★ QUICK TIP! Lights on separate layers ★

If you draw your lights on separate layers like me, it’s easy to change the color of an element. How about a beach with white sand? All I need to do is change the base sand color and the light layer that corresponds to the light reflected from it. The same goes for the grass or the stone.

Changing the color of the light to change the setting and mood is also very easy – just by playing around with the color and intensity of the light layers, you can completely change the scene into a sunset or night by a campfire!

This is extremely useful if you need to reuse elements for a comic or animation in scenes that have completely different light conditions, or if you aren’t sure about either the light colors or the base colors of the elements in the beginning and may want to or have to change them later.

 

With this setup, you don’t need to worry even if a client comes up saying “Oh, but I wanted the tree pink!”. As ridiculous as it may sound, it happens quite often and it pays to be prepared! :D


PRACTICAL TIPS

In this part I’ll show you how to save time while painting natural sceneries with brushes in Clip Studio Paint!

 

Since some of you are familiar with creating brushes while some are not, I’ll make a separate tutorial on that topic, if there’s demand.

Textured brushes – ground and rocks

These are my most favorite brushes – flat tips with various blending settings and textures of rocks. I use them most of the time, since they’re great both for defining shapes in speedpainting and for rendering final images.

A great helper for painting textures is the Color jitter with Randomize per stroke function – it adds a natural feel of variety to your painting! I think I have it on in most of my brushes!

Most of these have duplicates in the Blend Subtool group that purely blend without adding color.

Foliage and grass brushes

I have LOADS of brushes for leaves and grass, either created by me or downloaded and modified. Since I work on projects in various stylizations, each of them gets its time to be used, be it anything from a cartoonish to realistic style.

I love the new addition to the Color mixing settings – the Smear option. The main change is that whether you paint on transparency or colors, it paints each brush stamp in full paint, meaning that it doesn’t leave any half-blended stamps like the first two options do. In practice, it means you can paint a tree crown or a bunch of grass while blending at the same time, and then pass it to animators without having to worry about it being half-transparent!

Ribbon brushes – tree branches and trunks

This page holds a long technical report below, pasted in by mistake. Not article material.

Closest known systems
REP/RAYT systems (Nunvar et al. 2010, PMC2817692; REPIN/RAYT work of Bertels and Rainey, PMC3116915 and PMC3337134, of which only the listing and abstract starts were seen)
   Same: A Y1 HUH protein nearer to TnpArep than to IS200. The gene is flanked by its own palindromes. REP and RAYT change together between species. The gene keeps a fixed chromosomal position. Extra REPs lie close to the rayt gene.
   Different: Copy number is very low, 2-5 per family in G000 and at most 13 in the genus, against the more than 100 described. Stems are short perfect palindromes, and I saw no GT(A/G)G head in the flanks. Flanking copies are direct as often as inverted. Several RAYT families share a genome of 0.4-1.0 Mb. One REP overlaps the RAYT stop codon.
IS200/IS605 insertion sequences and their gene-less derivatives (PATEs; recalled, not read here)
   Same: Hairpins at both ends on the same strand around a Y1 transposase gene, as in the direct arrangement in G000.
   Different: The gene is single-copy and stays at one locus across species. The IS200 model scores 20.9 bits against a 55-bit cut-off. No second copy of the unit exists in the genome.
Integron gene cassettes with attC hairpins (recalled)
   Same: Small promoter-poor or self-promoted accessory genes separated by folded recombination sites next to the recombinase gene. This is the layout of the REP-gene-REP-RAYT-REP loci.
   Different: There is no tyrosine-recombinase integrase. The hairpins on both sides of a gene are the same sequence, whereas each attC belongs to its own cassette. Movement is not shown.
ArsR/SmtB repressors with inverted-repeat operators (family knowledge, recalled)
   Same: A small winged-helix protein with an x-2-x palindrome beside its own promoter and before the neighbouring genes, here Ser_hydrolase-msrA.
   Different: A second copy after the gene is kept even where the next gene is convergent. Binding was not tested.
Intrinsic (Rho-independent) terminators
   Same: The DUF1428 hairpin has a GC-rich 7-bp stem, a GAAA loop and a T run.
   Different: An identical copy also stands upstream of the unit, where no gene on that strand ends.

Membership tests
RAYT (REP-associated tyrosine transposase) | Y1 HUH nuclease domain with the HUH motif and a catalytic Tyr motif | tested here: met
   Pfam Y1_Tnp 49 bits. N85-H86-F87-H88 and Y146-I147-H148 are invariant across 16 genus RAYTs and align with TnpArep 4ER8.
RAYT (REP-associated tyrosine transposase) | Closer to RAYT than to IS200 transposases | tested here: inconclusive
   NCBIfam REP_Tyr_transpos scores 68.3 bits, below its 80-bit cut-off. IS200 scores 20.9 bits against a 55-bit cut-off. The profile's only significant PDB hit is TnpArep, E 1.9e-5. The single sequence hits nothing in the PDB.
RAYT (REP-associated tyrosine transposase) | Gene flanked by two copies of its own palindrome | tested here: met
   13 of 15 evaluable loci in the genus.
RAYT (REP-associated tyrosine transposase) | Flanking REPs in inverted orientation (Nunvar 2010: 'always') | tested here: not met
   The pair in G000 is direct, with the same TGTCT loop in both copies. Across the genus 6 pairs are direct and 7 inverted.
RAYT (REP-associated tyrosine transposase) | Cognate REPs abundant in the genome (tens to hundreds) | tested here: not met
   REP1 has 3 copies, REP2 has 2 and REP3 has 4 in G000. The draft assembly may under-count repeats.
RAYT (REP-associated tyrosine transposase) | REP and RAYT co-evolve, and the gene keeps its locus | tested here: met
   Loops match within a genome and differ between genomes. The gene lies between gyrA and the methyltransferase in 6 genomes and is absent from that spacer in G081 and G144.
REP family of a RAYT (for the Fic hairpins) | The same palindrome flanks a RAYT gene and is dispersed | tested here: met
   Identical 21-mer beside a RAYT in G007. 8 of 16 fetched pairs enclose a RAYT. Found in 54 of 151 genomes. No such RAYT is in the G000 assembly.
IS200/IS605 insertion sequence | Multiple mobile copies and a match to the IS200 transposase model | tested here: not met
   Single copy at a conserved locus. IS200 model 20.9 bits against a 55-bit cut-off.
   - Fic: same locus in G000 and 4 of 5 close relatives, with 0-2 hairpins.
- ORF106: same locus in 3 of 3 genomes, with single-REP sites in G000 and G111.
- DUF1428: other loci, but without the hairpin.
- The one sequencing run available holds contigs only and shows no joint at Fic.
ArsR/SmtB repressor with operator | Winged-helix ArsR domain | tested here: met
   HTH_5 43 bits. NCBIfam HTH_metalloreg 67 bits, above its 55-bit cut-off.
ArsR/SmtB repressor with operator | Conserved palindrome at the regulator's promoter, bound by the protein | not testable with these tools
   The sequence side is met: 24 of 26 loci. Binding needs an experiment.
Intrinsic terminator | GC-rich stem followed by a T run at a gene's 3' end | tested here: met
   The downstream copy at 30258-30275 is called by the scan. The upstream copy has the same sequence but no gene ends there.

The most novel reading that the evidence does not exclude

If you have to paint many trees and branches but don’t want them to look the same, the Ribbon type of brush is a great helper – it bends the image in the brush tip just like a ribbon.

For this tropical island I created a palm trunk brush that uses the main color and subcolor. If drawn on a vector layer, I can further twist and turn the trunk to fit the image. Now, even though all the palm trees’ trunk base is the same, they aren’t the same at all!

Stamp brushes and Liquify tool

Stamp-type brushes are another time-saver – like with the palms’ crowns where I just drew one, set it as a stamp brush and painted the background trees in one go! With the help of the Liquify tool, making each stamp look different is pretty easy.

In some cases, just adding randomness to the Thickness and Color jitter of the brush solves everything, like with this mountain forest – all I had to draw was one grayscale tree, so that the brush would use both the main and sub-color, and I can grow forests in the mountains in a few strokes!

Finishing

Adding finishing touches to your painting is fun on its own – with so many blending modes of layers you can take your time trying to find the ones that unify the colors, lighten or darken them, add more variety to them, or desature them where necessary.

 

This process is unique to each piece, but when I’m short on time, I mostly stick with Overlay or Soft light for unifying colors, Multiply or Darken for darkening and Add glow or Glow dodge for spotlights.

Conclusion

These are tips that work for me, but there are many ways to approach painting landscapes, both in theory and in the potential of the tools Clip Studio Paint offers.

 

None of these are meant to be rules, they’re tips to serve as the base, so if your composition, use of colors, or anything deviates from whatever has been said here or anywhere else but your gut feeling tells you it’s right, trust your guts instead! The goal of this tutorial is to encourage creators to enjoy painting while finding their way to express their ideas.

 

Always remember, the most important thing is to have fun!  

EDIT: Videos of Recorded Paintings

I’ve added time-lapse videos of the paintings mentioned in this tutorial, for those interested:

Comment

New

New Official Articles